I like to focus my blogs around timely nutrition and management topics for beef cow-calf producers whenever I can. My motivation is mainly to provide useful information that can help keep beef producers in business today and in the future. However, I thought I might take a break from that theme with a few observations related to the “Sustainability” term that keeps coming at us with increasing intensity. It certainly is not a recent term for the agriculture industry as it was considered a new concept back in the “80’s” when I was a County Agent in ND. In fact, an Australian Scientist by the name of Gordon McClymont, gets credit for it when he first used it in a book published in 1980. It has been tossed about since then with considerable discussion as to how to actually define the term.
When dealing with all of the change that comes at us from the environment, markets, governments, climate, etc. how can we define what is sustainable at any one point in time? What we think is sustainable today, may suddenly become unsustainable, or obsolete, due to any one, or more changes observed in these previously mentioned factors. The world is a very dynamic place and coming up with ways to out think all of the potential factors that can impact beef production is a tall order indeed.
Might I digress a bit as we think about the future of beef production. I attended a two week mini MBA course earlier this fall that included attendees from all parts of our parent Alltech company from around the world. We reviewed a number of case-studies. Some were from within Agricultural and some outside the industry. There were a couple of case studies that looked at the beef industry and where it might be headed in the future.
One of these studies focused on how segmented the beef industry is in the US from cow-calf production, through feeding, processing and ultimately retail. Especially when compared to poultry or swine protein industries. Most everyone had opinions on how each of the segments might work better together, to help improve efficiencies, but as long as each of the down-stream segments profit from the previous link in the chain, it will be difficult to make progress in efficiencies when trying to meet consumer demands. Some of those demands include sustainable production practices. How passionate consumers are about the sustainability of the beef they are wanting to eat is probably yet to be seen but there are a number of organizations who are monitoring the demographics of these consumer preferences to help better predict the future. Suffice it to say, the younger the generation, the higher the concern for sustainability. Ok, so that is looking at young consumers who will be more influential as their numbers increase in the future. More to come on that younger millennial generation.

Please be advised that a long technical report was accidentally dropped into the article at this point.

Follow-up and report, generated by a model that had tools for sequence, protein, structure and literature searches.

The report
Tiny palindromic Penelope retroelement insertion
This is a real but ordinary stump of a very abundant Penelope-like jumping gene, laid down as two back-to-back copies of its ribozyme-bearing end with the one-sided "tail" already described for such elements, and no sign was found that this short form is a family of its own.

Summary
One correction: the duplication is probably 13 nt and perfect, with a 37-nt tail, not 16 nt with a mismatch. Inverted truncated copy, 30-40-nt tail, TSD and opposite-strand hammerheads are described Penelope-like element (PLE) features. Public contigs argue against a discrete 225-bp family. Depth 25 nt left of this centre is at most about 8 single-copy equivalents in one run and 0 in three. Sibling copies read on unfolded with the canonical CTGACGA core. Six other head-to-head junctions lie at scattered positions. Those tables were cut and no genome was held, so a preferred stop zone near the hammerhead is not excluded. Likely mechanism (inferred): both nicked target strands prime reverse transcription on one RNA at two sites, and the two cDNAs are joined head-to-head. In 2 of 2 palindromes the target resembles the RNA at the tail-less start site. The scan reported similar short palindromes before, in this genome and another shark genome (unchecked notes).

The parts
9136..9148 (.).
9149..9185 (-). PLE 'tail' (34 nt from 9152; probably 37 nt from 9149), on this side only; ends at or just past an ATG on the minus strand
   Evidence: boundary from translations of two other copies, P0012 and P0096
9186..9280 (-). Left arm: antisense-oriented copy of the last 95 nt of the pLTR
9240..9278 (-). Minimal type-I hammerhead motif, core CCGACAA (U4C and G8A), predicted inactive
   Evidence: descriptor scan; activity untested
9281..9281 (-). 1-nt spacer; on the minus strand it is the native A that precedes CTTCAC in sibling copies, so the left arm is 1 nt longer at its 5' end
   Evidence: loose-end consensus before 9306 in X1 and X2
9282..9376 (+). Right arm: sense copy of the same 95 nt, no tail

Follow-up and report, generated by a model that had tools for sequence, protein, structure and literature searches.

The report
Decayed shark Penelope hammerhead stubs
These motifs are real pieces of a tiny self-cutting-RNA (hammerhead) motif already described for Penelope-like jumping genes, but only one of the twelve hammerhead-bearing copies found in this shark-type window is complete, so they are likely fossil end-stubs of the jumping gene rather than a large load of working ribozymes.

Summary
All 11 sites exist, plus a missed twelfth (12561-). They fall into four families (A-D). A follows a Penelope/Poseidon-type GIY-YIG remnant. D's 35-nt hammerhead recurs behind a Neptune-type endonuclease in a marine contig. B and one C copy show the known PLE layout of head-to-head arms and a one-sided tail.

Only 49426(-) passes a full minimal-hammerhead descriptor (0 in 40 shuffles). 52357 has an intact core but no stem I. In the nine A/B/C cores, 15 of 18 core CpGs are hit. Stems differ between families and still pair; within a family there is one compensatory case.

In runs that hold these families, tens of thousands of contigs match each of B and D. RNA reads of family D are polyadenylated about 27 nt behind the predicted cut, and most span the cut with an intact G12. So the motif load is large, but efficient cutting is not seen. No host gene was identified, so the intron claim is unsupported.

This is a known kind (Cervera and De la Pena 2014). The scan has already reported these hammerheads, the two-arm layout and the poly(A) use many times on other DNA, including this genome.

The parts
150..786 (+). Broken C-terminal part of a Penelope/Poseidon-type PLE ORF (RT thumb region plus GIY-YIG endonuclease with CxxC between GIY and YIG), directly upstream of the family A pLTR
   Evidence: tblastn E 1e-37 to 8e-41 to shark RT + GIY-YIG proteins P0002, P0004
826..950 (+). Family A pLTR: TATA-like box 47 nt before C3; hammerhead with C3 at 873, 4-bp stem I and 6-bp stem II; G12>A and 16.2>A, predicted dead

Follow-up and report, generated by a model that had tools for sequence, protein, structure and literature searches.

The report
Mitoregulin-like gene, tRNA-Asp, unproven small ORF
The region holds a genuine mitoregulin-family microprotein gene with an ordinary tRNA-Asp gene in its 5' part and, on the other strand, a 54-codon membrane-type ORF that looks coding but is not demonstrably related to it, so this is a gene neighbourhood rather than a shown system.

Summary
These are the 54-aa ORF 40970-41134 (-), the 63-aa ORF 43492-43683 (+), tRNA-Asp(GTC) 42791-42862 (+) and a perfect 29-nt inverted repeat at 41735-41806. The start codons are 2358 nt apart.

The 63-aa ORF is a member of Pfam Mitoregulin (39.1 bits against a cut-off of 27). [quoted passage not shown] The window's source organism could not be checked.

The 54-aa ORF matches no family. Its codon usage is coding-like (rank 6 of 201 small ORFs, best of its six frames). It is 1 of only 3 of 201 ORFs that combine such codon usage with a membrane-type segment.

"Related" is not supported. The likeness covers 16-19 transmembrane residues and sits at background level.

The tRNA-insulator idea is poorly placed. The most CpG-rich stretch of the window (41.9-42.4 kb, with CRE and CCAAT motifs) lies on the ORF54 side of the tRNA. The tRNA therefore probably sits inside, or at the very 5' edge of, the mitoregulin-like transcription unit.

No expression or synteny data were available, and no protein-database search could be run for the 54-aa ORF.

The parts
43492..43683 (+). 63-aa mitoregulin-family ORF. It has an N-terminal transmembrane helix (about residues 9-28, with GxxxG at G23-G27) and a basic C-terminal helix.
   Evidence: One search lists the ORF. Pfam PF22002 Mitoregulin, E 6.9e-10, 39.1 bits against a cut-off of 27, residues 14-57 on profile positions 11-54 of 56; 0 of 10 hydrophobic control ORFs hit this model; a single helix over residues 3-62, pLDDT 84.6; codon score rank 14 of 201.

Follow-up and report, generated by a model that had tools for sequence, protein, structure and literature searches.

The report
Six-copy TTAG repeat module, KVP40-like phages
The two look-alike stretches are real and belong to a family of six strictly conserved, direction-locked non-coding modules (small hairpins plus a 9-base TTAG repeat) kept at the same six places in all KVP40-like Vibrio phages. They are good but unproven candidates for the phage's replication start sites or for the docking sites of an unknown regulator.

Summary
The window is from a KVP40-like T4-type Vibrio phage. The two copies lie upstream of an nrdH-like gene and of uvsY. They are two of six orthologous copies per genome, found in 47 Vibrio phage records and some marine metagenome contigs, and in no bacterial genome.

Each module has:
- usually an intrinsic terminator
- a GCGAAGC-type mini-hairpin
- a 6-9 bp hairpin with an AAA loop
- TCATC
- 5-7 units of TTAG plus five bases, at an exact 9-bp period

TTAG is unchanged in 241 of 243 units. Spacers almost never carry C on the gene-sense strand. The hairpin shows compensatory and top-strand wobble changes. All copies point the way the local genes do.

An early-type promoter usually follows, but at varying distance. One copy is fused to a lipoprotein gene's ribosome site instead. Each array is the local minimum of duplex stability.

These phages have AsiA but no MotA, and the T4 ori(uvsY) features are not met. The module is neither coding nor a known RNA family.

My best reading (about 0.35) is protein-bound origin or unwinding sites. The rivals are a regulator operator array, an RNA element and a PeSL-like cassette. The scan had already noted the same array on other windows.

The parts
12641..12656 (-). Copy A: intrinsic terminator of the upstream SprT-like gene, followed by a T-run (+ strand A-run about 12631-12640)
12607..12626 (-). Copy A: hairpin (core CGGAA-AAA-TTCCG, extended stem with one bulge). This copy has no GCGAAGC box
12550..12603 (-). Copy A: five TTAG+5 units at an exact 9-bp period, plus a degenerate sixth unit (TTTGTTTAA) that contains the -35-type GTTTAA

Probably the most interesting case study was that which looked at current technology investment for producing tissue culture beef. Yes, there are very high profile investors, with familiar names that are putting significant resources into developing beef products from tissue culture technology. There was significant debate among the group as to this direction of protein production and even if deserves any kind of merit for future consideration. Nonetheless, it is a factor that we all need to consider. Some of us, but probably not all of us, may not see this type of technology get much past a few media displays in the efforts to produce an affordable, wholesome, palatable double cheese burger from a petri dish that appeals to the palate. With all of the social and environmental areas of concern associated with ruminant animals by consumers who have lost all touch of modern agriculture, the resources put towards these efforts should not be shrugged off or dismissed so quickly.
Concerns with animal welfare, greenhouse gas emissions from grazing ruminants producing methane gas, competition for fresh water use or encroachment on wildlife habitat, etc. You can probably see that to a generation of individuals with minimal background or familiarity to current agriculture practices, optional methods of accessing protein in their diet might appeal to them. And at the same time feel that they are saving the planet by switching to a petri dish entrée. Please don’t think of me as an advocate for this type of animal protein production as I really do see the value of our current livestock industries and the protein we provide to the growing masses. I do though, want to point out that sustainability of our current system has a number of areas where we need to make sure we are making progress in using all of our resources wisely for the Animal, the Consumer and the Environment (ACE).
That ACE principle is one that guides us when developing products such as CRYSTALYX® Brand Supplements. Providing protein supplements that capture more energy from low quality forages cattle are consuming, managing barrel placement for optimizing pasture grazing or holding cattle off sensitive riparian areas, in addition to the use of the biodegradable BioBarrel® container, are a few areas where we are working to help provide sustainable solutions for the beef industry. If sustainability is becoming more and more a part of your operation, I invite you to look at how CRYSTALYX® can help you meet your objectives.